Please click here for more information and reservations.
The exhibition also offers a free audio guide in Dutch, Engelish, French and German. On the ground floor, our Family Lab will be Tinguely's Head Quarters, where visitors can create their own art with kinetic, Tinguely-like machines.

Note to editors:

You are kindly invited to attend the press preview on Thursday, 29 September.
2.30 pm: doors open, enter throught the main entrance
3 pm:      welcome by Beatrix Ruf, director Stedelijk Museum Amsterdam, 
followed by an introduction by curator Margriet Schavemaker
3.15 pm: preview
5 pm:      end of preview.

Please click here for your RSVP.
The catalogue is already available to you in PDF, please let us know if you wish to receive it.

For more information and images, please contact the Press Office of the Stedelijk Museum, +31 (0)20 573 26 660 / 656 or

Image credits:
- Jean Tinguely with Méta-Matic No. 17, 1959. Photo: John R. Van Rolleghem, c/o Pictoright Amsterdam, 2016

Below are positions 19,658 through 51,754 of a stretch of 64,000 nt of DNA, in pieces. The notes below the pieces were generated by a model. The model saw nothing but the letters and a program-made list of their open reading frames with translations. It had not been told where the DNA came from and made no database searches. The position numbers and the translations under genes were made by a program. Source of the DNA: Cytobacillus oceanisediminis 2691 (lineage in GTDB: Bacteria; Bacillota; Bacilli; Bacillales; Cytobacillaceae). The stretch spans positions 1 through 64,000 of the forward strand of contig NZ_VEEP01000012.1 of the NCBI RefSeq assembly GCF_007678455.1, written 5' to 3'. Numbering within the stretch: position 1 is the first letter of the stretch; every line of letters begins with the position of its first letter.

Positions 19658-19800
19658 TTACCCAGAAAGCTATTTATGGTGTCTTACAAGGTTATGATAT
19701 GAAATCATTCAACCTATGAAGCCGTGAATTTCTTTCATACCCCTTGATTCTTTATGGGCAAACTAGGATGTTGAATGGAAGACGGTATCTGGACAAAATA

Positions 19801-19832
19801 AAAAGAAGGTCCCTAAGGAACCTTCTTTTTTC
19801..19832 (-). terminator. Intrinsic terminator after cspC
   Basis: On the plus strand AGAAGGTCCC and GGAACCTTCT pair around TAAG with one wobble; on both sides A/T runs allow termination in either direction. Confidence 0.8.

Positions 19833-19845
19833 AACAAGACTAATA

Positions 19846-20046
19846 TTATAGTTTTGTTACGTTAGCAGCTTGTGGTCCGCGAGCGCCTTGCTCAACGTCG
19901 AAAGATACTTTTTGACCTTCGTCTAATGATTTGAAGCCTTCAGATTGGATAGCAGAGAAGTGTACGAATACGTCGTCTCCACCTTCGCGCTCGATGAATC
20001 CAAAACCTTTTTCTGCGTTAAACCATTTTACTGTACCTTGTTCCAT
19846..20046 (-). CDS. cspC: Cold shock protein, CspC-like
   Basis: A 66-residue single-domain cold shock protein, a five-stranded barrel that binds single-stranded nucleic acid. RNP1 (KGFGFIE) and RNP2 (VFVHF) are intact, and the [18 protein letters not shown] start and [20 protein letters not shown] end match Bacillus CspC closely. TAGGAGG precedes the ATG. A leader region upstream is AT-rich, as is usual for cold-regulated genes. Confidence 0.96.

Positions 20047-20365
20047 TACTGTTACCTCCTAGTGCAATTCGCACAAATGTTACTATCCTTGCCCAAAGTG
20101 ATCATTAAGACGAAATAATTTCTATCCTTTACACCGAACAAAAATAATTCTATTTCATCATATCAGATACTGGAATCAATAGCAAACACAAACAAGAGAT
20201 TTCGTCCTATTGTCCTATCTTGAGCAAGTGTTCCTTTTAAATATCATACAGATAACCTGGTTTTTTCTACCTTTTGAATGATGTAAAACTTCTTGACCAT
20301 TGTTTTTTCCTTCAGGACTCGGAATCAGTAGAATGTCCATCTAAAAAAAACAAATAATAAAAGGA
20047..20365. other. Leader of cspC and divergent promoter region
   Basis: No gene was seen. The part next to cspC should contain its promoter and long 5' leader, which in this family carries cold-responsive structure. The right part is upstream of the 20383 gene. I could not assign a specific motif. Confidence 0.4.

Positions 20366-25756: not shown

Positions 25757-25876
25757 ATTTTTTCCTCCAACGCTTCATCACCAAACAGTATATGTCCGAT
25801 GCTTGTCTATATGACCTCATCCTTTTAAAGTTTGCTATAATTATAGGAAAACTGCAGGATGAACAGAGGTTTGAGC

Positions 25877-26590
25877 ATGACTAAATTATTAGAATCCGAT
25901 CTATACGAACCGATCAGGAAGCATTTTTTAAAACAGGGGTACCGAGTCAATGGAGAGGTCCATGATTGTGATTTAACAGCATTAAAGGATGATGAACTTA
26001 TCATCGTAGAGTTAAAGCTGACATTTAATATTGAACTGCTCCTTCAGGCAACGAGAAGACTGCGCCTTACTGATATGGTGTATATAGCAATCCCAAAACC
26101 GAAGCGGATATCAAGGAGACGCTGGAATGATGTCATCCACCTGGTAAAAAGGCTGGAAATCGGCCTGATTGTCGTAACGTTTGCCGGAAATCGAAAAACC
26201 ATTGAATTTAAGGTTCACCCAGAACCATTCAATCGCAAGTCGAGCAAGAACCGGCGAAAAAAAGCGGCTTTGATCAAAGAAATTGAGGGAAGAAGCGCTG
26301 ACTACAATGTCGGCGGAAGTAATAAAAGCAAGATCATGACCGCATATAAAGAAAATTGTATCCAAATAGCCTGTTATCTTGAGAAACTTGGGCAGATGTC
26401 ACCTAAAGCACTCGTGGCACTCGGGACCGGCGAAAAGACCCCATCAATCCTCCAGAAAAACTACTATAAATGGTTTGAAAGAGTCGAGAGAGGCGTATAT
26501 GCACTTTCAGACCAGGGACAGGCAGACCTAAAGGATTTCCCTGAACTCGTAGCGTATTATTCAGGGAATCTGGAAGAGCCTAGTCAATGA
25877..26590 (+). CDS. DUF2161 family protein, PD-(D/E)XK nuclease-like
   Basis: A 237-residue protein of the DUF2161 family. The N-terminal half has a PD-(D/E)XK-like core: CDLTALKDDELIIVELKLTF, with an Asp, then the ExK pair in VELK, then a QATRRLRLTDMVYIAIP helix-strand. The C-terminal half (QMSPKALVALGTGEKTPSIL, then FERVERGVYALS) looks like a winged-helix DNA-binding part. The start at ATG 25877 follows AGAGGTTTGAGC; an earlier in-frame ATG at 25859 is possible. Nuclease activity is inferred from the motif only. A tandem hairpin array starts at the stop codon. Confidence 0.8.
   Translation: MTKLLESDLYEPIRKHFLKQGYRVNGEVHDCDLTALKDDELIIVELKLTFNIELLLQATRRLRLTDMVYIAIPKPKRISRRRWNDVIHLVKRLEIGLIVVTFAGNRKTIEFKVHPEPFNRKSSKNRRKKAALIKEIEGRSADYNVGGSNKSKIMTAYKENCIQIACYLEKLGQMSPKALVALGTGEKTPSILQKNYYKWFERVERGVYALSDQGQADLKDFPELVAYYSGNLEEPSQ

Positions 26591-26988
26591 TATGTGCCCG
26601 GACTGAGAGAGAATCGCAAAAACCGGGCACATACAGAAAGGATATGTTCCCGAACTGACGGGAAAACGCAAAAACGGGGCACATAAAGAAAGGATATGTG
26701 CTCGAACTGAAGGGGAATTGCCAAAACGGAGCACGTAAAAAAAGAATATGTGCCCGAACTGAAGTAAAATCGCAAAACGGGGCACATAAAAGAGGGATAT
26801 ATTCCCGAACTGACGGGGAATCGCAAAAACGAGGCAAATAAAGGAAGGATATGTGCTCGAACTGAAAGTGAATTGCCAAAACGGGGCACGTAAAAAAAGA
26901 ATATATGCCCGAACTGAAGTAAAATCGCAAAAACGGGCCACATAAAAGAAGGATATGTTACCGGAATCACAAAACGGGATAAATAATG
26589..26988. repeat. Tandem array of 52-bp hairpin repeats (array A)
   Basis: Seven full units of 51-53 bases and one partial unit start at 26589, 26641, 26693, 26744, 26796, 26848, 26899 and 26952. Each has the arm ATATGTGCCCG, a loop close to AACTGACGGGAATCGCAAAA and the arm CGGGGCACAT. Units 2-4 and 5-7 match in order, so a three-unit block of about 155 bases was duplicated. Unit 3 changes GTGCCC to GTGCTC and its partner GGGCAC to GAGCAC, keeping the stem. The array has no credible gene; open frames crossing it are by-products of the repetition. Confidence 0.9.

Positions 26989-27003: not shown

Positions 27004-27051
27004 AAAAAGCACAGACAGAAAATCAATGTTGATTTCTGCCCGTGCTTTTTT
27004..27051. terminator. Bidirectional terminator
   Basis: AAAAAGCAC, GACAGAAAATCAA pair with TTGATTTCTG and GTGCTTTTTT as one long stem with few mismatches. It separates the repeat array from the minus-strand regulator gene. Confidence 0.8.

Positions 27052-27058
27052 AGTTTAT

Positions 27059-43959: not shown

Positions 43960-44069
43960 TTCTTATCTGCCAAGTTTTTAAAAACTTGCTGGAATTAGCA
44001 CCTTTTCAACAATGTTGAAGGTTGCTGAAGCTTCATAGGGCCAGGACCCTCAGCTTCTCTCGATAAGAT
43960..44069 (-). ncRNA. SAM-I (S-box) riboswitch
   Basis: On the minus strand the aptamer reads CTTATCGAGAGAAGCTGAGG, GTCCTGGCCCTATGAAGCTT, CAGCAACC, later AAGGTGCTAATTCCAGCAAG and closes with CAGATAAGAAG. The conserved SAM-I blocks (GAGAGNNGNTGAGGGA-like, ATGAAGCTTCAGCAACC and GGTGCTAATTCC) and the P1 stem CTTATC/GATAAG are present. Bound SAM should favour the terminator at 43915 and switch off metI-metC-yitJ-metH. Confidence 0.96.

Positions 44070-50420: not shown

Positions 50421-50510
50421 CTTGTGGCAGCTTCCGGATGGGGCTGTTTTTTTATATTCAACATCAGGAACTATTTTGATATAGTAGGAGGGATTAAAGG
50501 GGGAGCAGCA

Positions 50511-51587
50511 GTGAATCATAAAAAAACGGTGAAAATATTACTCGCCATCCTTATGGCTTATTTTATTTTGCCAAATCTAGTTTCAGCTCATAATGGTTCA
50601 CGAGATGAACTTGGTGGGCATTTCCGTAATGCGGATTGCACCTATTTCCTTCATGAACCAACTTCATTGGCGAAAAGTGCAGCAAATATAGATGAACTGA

- The artists of the Dylaby exhibition: Per Olof Ultvedt, Robert Rauschenberg, Martial Raysse, Daniel Spoerri, Jean Tinguely and Niki de Saint Phalle, Stedelijk Museum, Amsterdam, 1962. © Christer Christian | Strömholm Estate
- Jean Tinguely, Mengele-Totentanz, 1986. Collection Museum Tinguely Basel - a cultural commitment of Roche. Photo: Daniel Spehr, c/o Pictoright Amsterdam, 2016
- Jean Tinguely, Gismo, 1960. Collection Stedelijk Museum Amsterdam. Photo: Gert Jan van Rooij, c/o Pictoright Amsterdam, 2016
- Jean Tinguely, Meta-mechanical sculpture without title, 1954. Privat collection Potsdam. Photo: Christian Baur, c/o Pictoright Amsterdam, 2016

This exhibition is organised by the Stedelijk Museum Amsterdam in collaboration with Museum Kunstpalast, Düsseldorf.

This exhibition is made possible with generous support of the Turing Foundation, All Art Initiatives B.V., the Blockbusterfonds, the LUMA Foundation and additional support by the Swiss Arts Council Pro Helvetia, the Prins Bernhard Cultuurfonds, the Walter A. Bechtler Foundation, Switzerland and Museum Tinguely, Basel.